A Work in Progress: Municipal Regulation
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The City regulates the construction of all structures in Toronto through the building permit application process. The process requires builders to submit architectural plans of their proposed buildings along with their applications.
City Buildings Department staff had been saving the plans since 1904, resulting in a huge collection of 120,000 rolls of plans. The City began to microfilm the plans in the 1980s, making it unnecessary to keep the original blueprints. However, it was recognized that at least some of the original drawings had a place in the Archives’ collection.
In the mid 1990s the Archives selected a number of plans to document various building types and neighbourhoods in the city. These plans provide an in-depth documentation of building construction in the city for more than a hundred years, giving equal weight to the fancy and the plain.
Commercial Art Deco
The Archives’ collection of Building Permit Application Plans contains many examples of Toronto’s great lost Art Deco/Art Modern heritage of the 1920s through the 1940s.
The buildings shown here include a single storefront with offices over, a row of storefronts with offices over, and a combined factory, storage facility and showroom.
Many of Toronto’s buildings designed in the Art Deco/Art Moderne style were temporary structures, such as refreshment booths.
As well, many examples of gorgeous Art Deco features were “add-ons” — ground-level deco jewels applied to plain 19th century or early 20th century structures, such as on this somewhat generic, vitrolite covered ‘Name Grill’ storefront.
Toronto has been described as a city of semi-detached housing. A huge building boom was prompted when the City increased its size by annexing many neighbouring communities from 1906 to 1912.
Real estate developers and other speculators scrambled to fill in vacant lots within these newly acquired areas.
A significant feature of this building boom was the adoption of the semi-detached house model as a popular and affordable option, both for builders and for buyers.
Row after row of these “semis” filled in vast tracts of land throughout the annexed areas in the city’s east, west and north ends.
The building permit plans on file in the Archives are an excellent resource for the study of the City’s evolving vernacular, or common building types, as well as for the study of its grander architectural achievements. While vernacular buildings may be modest, they are often distinctive and associated with a particular place.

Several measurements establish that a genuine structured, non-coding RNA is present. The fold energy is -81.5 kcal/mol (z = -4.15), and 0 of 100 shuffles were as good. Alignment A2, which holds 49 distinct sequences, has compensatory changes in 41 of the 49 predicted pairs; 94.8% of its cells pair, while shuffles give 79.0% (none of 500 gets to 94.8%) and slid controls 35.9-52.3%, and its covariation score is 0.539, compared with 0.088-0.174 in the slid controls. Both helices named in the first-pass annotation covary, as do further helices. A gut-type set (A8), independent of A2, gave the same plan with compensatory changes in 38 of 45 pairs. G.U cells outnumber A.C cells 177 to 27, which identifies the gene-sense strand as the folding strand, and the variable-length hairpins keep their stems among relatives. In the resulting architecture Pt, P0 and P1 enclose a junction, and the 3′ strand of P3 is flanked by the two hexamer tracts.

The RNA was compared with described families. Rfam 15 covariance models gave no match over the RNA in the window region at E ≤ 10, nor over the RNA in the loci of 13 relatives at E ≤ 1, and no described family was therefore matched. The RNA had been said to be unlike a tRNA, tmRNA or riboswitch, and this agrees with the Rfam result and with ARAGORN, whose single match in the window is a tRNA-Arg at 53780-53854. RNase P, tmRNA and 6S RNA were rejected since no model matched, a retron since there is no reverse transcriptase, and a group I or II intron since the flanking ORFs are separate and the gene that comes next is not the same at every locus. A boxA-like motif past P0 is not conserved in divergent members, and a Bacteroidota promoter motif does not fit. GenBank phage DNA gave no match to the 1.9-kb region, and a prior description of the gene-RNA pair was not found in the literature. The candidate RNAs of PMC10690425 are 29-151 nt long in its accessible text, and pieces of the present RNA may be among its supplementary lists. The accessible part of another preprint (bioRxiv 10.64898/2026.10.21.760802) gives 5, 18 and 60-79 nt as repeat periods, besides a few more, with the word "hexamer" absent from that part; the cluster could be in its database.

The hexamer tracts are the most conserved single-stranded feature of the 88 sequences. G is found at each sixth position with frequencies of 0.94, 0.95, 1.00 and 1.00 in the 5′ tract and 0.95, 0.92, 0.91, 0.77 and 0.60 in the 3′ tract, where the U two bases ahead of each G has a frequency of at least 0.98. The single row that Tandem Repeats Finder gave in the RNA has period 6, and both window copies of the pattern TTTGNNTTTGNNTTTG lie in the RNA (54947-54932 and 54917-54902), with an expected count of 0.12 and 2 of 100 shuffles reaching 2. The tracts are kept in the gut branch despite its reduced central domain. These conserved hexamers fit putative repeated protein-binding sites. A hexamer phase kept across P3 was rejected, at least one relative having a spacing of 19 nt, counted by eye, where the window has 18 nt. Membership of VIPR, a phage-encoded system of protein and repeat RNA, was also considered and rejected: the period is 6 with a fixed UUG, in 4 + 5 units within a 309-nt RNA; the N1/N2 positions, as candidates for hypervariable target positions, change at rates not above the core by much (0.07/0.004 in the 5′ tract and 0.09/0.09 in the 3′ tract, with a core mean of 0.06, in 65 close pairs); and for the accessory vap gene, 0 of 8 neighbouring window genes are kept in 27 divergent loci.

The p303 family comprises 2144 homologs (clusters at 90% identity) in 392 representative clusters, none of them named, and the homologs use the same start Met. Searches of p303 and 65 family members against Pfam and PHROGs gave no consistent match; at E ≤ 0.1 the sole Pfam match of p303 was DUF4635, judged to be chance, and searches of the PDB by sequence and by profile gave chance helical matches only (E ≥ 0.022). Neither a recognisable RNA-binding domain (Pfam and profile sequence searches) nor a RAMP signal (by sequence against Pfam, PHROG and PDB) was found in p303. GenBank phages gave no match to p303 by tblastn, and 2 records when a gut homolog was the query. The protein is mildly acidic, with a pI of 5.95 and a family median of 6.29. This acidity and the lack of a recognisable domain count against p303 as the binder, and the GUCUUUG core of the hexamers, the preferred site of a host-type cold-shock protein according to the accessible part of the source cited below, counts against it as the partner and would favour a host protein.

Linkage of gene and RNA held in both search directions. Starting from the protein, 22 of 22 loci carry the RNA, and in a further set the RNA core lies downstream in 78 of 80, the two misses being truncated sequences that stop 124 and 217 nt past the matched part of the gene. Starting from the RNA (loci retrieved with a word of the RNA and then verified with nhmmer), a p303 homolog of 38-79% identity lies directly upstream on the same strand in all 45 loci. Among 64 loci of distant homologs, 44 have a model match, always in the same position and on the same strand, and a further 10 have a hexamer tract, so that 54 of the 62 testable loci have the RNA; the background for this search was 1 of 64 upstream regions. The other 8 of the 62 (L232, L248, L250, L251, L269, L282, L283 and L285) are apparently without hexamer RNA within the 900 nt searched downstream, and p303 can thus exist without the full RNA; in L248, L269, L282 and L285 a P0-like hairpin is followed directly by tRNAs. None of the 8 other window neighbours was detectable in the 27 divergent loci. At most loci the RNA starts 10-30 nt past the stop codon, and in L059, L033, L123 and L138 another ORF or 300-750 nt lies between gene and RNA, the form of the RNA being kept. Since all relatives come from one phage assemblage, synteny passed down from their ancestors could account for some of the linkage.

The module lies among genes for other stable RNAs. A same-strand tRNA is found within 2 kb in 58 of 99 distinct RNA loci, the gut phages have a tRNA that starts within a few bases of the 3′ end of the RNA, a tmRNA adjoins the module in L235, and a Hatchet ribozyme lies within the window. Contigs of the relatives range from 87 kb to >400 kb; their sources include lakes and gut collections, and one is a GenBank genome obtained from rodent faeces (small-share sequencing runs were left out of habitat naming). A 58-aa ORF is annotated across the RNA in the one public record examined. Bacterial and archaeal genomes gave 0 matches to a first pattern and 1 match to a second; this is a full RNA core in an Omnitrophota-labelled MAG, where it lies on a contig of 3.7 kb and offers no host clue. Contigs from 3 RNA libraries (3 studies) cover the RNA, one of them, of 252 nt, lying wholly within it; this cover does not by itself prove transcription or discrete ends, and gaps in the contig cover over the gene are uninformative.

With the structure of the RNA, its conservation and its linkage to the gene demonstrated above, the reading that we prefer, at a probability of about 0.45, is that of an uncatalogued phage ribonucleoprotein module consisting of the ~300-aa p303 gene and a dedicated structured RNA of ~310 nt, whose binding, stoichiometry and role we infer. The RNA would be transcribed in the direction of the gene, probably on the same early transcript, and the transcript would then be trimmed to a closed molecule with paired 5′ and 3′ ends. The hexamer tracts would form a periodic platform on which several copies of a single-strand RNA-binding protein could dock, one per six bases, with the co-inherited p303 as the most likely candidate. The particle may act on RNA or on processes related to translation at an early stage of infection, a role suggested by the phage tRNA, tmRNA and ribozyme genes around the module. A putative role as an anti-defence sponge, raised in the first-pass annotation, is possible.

An example is the many Joy Oil Company gas stations that were built in Toronto in the 1930s. Joy Oil was based out of Detroit and Cleveland in the United States. Their fanciful stations were built in a miniature Chateau Style, complete with circular towers and conical roofs.
The stations established a unique corporate image for the firm in an era of rapidly increasing automobile usage, and were local landmarks in several Toronto neighbourhoods.
The last remaining station, located at 1978 Lake Shore Blvd. West, was designated in 1989 by the City as being of architectural significance. It was relocated recently pending restoration.
A boom in the construction of walk-up apartment buildings occurred in Toronto from the late 1910s through the 1920s. The City, in an early attempt to control this kind of development, passed a bylaw in 1912 that prohibited the construction of apartment buildings in residential neighbourhoods.
However, despite the bylaw and warnings against the “evil of tenements” issued by the Medical Officer of Health, a significant number of apartment buildings were built, through exemptions to the law, or along commercial stretches where the law allowed them.
Additionally, clusters of these three and four storey apartments were built just outside of the city’s limits, in Forest Hill and York Township, where the City’s bylaw did not apply.
By 1921, there were more than 2,000 apartment units in Toronto. In the mid-1920s, these numbers increased dramatically before trailing off by the time of the Great Depression. By 1931, despite Toronto’s restrictive efforts, there were more than 20,000 apartment units in the city.
A surprising number of these apartment houses survive to this day, showing the enduring nature of this residential form.